Article  Google Scholar 

  • Beardsworth A & Keil T (1991): Health-related beliefs and dietary practices among vegetarians and vegans: a qualitative study. Health Educ. J. 50, 38–42.

    Article  Google Scholar 

  • Beardsworth A & Keil T (1992): The vegetarian option: varieties, conversions, motives and careers. Sociol. Rev. 38, 253–293.

    Article  Google Scholar 

  • Beitz R, Mensink GBM, Fischer B & Thamm M (2002): Vitamins—dietary intake and intake from dietary supplements in Germany. Eur. J. Clin. Nutr. 56, 539–545.

    CAS  Article  Google Scholar 

  • Bodenbach S & Weinkauf B (1997): Die Einnahme von Vitaminpräparaten in Deutschland. Z. Ernährungswiss. 36, 57–58.

    Google Scholar 

  • Bruker MO (1987): Unsere Nahrung—unser Schicksal. Lahnstein: EMU-VerlagsGmbH, 18. Auflage.

    Google Scholar 

  • Daly JM, Heymsfield SB, Head CA, Harvey LP, Nixon DW, Katzeff H & Grossmann GD (1985): Human energy requirements: overestimation by widely used prediction equation. Am. J. Clin. Nutr. 42, 1170–1174.

    CAS  Article  Google Scholar 

  • DGE (Deutsche Gesellschaft für Ernährung) (2000): Referenzwerte für die Nährstoffzufuhr. Frankfurt am Main: Umschau/Braus.

  • Diamond H & Diamond M (1986): Fit fürs Leben—Fit for Life. München: Goldmann.

    Google Scholar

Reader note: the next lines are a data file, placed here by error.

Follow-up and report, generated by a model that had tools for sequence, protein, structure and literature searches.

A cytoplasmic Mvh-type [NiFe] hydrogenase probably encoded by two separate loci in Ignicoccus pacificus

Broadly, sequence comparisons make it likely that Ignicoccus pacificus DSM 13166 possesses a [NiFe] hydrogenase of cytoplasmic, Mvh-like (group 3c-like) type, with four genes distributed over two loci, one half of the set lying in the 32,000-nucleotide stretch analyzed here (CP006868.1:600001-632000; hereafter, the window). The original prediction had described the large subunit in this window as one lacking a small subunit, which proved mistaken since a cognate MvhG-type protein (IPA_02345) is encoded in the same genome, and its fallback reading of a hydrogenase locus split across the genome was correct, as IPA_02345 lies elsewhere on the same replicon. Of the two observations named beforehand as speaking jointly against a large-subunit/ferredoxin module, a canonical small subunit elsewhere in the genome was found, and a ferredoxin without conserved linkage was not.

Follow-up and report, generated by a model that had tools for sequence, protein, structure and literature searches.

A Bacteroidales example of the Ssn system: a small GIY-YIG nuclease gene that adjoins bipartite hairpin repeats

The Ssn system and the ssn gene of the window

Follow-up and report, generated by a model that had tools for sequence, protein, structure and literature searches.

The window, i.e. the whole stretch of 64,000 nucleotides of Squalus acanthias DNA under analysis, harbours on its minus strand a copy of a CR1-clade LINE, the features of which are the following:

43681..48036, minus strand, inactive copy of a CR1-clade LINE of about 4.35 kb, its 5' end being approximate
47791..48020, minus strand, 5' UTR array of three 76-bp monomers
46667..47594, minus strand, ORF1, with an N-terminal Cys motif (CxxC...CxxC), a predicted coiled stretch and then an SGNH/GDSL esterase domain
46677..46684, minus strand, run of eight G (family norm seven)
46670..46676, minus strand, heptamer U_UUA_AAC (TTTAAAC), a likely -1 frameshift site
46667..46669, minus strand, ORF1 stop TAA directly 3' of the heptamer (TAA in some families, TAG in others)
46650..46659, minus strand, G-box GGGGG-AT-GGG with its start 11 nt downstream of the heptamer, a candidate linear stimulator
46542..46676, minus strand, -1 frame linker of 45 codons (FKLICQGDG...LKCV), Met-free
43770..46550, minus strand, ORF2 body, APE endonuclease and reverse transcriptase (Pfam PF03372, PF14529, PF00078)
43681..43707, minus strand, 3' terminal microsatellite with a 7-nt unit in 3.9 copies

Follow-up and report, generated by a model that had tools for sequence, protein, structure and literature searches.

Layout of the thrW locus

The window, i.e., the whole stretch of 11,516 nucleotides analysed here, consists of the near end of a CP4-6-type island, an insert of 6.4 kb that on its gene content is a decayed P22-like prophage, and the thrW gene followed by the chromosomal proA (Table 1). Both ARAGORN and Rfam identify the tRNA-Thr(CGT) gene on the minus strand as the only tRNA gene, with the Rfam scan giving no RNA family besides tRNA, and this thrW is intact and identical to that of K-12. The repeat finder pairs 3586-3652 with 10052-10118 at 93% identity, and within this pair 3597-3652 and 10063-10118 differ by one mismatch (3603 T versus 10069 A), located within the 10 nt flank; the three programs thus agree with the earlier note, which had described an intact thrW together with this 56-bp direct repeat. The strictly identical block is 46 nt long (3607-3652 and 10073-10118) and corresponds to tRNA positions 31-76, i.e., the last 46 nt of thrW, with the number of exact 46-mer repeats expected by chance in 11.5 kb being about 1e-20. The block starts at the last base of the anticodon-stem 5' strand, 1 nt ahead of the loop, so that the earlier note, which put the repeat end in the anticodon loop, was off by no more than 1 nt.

• Draper A, Lewis J, Malhorta N & Wheeler E (1993): The energy and nutrient intakes of different types of vegetarian: a case for supplements? Br. J. Nutr. 69, 3–19.

    CAS  Article  Google Scholar 

  • Dwyer J (1999): Convergence of plant-rich and plant-only diets. Am. J. Clin. Nutr. 70(Suppl), 620S–622S.

    CAS  Article  Google Scholar 

  • FAO/WHO/UNU Expert Consultation(1985): Energy and Protein Requirements. Technical Report Series No. 724. Geneva: World Health Organization.

  • Fischer B & Döring A (1999): Häufigkeit der Einnahme von Vitamin- und Mineralstoffpräparaten. Vergleich nationaler und internationaler Studien. Ernähr.-Umsch. 46, 44–47.

    Google Scholar 

  • Frentzel-Beyme R & Chang-Claude J (1994): Vegetarian diets and colon cancer: the German experience. Am. J. Clin. Nutr. 59(Suppl), 1143S–1152S.

    CAS  Article  Google Scholar 

  • Garrel DR, Jobin N & de Jonge LH (1996): Should we still use the Harris and Benedict equations? Nutr. Clin. Pract. 11, 99–103.

    CAS  Article  Google Scholar 

  • Goldberg GR, Black AE, Jebb SA, Cole TJ, Murgatroyd PR, Coward WA, Prentice AM (1991): Critical evaluation of energyintake data using fundamental principles of energy physiology: l. Derivation of cut-off limits to identify under-recording. Eur. J. Clin. Nutr. 45, 569–581.